LINCOLN SQUARE — A Lincoln Square restaurant owner told the city he’s changing his Saturday hours and hiring more security after getting complaints from neighbors.
But neighbors said those changes aren’t enough.
Neighbors of Sandunga Bar and Grill, 2619 W. Lawrence Ave., and nearby Cafe Mimoza said they’ve long complained about loud, late-night parties at the restaurants and their intoxicated customers getting into fights on the street and leaving broken bottles on the sidewalk, among other issues.
The city’s business department has hosted meetings between the neighbors and the businesses’ owners to try to find solutions. The city blocked reporters from a Friday meeting about Sandunga, but neighbors, Sandunga’s owner and the alderman said some progress was made.
Friday’s meeting focused on laying out objectives for Sandunga owner Juan David Gomez to accomplish before another meeting 10 a.m. June 1.
Gomez must hire uniformed security for Fridays and Saturdays, encourage customers to leave quietly and post signs reminding patrons not to loiter, to leave quietly and respect neighbors, Gomez and neighbors at Friday’s meeting said.
Gomez said he’ll also close at 2 a.m. Saturdays instead of 3 a.m.
“I just wanted to show my efforts. That I am doing more on my part to please the neighbors,” Gomez said.
Gomez said he’s taken other steps before to placate neighbors: Before the COVID-19 pandemic, about $13,000 worth of soundproofing was installed at the business. With the recent complaints from neighbors, he’s spent another $6,000 to further soundproof the walls and ceiling, Gomez said.
Gomez also removed two of the restaurant’s original four speakers and tries to keep those that remain at 40 percent volume, he said.
Gomez and neighbors said he refused a suggestion from the business department to connect his indoor and outdoor security cameras to the city’s private sector camera initiative, which would give police direct access to his footage.
“This is the first time I’ve heard police wants to have access to somebody’s property, and I certainly don’t feel comfortable with that,” Gomez said. “If police need footage to clear something up, I’m happy to provide it, but I’m not giving anyone live access to the cameras.”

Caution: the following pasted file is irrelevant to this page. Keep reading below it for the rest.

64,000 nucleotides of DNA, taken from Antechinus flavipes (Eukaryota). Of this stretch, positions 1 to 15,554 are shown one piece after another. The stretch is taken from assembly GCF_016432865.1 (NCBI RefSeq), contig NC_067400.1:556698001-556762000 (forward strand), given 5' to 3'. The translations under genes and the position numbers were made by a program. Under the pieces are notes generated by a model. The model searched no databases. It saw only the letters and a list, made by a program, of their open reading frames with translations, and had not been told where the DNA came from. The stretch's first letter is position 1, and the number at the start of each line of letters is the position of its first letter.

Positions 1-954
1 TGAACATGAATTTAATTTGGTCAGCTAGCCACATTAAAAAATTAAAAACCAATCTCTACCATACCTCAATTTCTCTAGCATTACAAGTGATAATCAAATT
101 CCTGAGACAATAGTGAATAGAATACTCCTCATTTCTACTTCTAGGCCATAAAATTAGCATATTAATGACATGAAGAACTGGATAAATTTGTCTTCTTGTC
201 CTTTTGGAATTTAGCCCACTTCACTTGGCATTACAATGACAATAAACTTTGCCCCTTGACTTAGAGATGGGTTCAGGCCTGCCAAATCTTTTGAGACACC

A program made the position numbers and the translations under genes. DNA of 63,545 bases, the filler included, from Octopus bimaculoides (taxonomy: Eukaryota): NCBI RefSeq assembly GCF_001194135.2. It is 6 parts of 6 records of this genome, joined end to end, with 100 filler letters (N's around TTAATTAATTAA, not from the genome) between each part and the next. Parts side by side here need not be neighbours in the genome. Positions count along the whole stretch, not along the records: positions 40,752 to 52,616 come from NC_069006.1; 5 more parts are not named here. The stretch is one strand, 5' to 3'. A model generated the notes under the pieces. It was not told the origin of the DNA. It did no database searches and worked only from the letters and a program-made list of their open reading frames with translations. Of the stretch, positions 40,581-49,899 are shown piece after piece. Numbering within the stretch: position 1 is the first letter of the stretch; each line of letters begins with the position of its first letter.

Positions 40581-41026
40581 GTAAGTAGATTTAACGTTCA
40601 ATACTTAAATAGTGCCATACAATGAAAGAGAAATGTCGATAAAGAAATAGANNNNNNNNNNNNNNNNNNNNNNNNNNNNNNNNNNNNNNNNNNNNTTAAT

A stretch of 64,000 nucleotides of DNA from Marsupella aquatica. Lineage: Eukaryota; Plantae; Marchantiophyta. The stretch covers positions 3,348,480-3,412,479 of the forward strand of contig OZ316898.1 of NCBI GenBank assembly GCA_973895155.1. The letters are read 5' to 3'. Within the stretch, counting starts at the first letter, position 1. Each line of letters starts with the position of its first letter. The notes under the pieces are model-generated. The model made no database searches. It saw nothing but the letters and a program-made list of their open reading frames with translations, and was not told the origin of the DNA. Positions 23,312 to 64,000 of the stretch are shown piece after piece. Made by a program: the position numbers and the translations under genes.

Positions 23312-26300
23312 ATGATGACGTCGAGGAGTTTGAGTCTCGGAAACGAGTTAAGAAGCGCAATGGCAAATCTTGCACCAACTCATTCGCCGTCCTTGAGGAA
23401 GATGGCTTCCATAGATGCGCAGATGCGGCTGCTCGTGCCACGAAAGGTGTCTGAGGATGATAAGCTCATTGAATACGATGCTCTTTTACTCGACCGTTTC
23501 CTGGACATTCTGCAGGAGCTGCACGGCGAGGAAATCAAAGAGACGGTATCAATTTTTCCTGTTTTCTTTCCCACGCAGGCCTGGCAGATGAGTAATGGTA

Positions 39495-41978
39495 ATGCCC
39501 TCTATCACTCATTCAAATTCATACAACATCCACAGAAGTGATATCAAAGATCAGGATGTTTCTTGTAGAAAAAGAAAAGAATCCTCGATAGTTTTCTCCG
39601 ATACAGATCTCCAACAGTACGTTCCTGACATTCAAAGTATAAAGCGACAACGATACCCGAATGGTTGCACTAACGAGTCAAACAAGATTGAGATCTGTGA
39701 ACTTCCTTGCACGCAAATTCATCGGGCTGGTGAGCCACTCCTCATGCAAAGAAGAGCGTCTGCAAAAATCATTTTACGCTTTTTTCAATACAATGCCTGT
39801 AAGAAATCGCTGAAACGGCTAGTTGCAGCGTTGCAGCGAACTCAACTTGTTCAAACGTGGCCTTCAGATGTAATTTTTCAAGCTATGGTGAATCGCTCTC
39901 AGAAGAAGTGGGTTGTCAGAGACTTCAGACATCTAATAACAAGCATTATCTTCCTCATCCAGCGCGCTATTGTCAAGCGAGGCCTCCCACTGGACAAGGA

A part-time Sandunga employee and a customer also spoke positively about their experiences at the business during Friday’s meeting, Gomez and neighbors said.
But Gomez said his family-run business is being unfairly targeted by neighbors when there are other bars and restaurants — some with patio seating — on the busy street, as well as the sound of the nearby Brown Line.
“I feel that this situation has become unfair, especially to small business owners,” Gomez said.
Gomez said he’d taken steps — like the soundproofing — to help neighbors, but he thinks everybody should be “trying to work together,” and it “doesn’t seem like the neighbors are doing anything.”
“If the neighbors only rely on what I do, but I don’t know what they’re doing or what they have, how are we ever going to find the solution?” Gomez said.
Neighbors at Friday’s meeting told the business department they haven’t been unfair and pointed to the complaints made about loud music coming from the restaurant late at night, said neighbor Paula Borman.
“There’s still a lot of work that has to be done, and I feel like he’s making it clear that he’s willing to try these things but not make them permanent. He said as much twice, that these are ‘pilot programs,’” Borman said.
The business department has received 15 complaints about Sandunga since 2019, with all of them coming in 2019 and 2020, according to records obtained under the Freedom of Information Act.
A review of records from the police and business departments show police were called to the business 125 times between Feb. 2, 2019, and April 2, 2023. Eighty-three calls were for “disturbance – music/noise” between 10:03 p.m. and 3:16 a.m., according to police records.
Business department complaints also showed a pattern of neighbors being disturbed by loud music from Sandunga between 10:15 p.m. and 3 a.m. Fridays, Saturdays and Sundays.
“The establishment consistently plays music that interferes with the quiet enjoyment of my home,” someone wrote in a complaint filed 11:56 p.m. Jan. 1, 2020. “I live a building over and am able to hear every lyric from their music. However, what is worse is the bass. My walls and windows rattle from the thumping.”
Another complaint from Jan. 5, 2020, said there was loud music 10:30 p.m.-3 a.m. and customers “screaming and arguing as they were leaving the establishment at various times.”
“The D.J. plays the music so loud, the bass is heard thru the ceiling of the bar and into our condo above. At times it actually made the items on our walls shake. Also when the customers leave the bar they are extremely loud. Often shouting and arguing,” a person wrote in a complaint Jan. 27, 2020.
And the owner of a condo above the bar said in a Jan. 27, 2020, complaint that his daughter has called police about late night noise multiple times and once officers leave the business its “D.J. turns up the music louder in retaliation.”
Neighbors are “justifiably angry” because Sandunga appears to operate like a club and not a restaurant, said Ald. Andre Vasquez (40th). He said he is hopeful the business department’s objectives help Gomez and neighbors resolve the noise issues.
“When I talked to [Gomez], he said they have a restaurant with some music. But my office would not be getting the level of complaints we’re getting if it was just a restaurant with some music,” Vasquez said.
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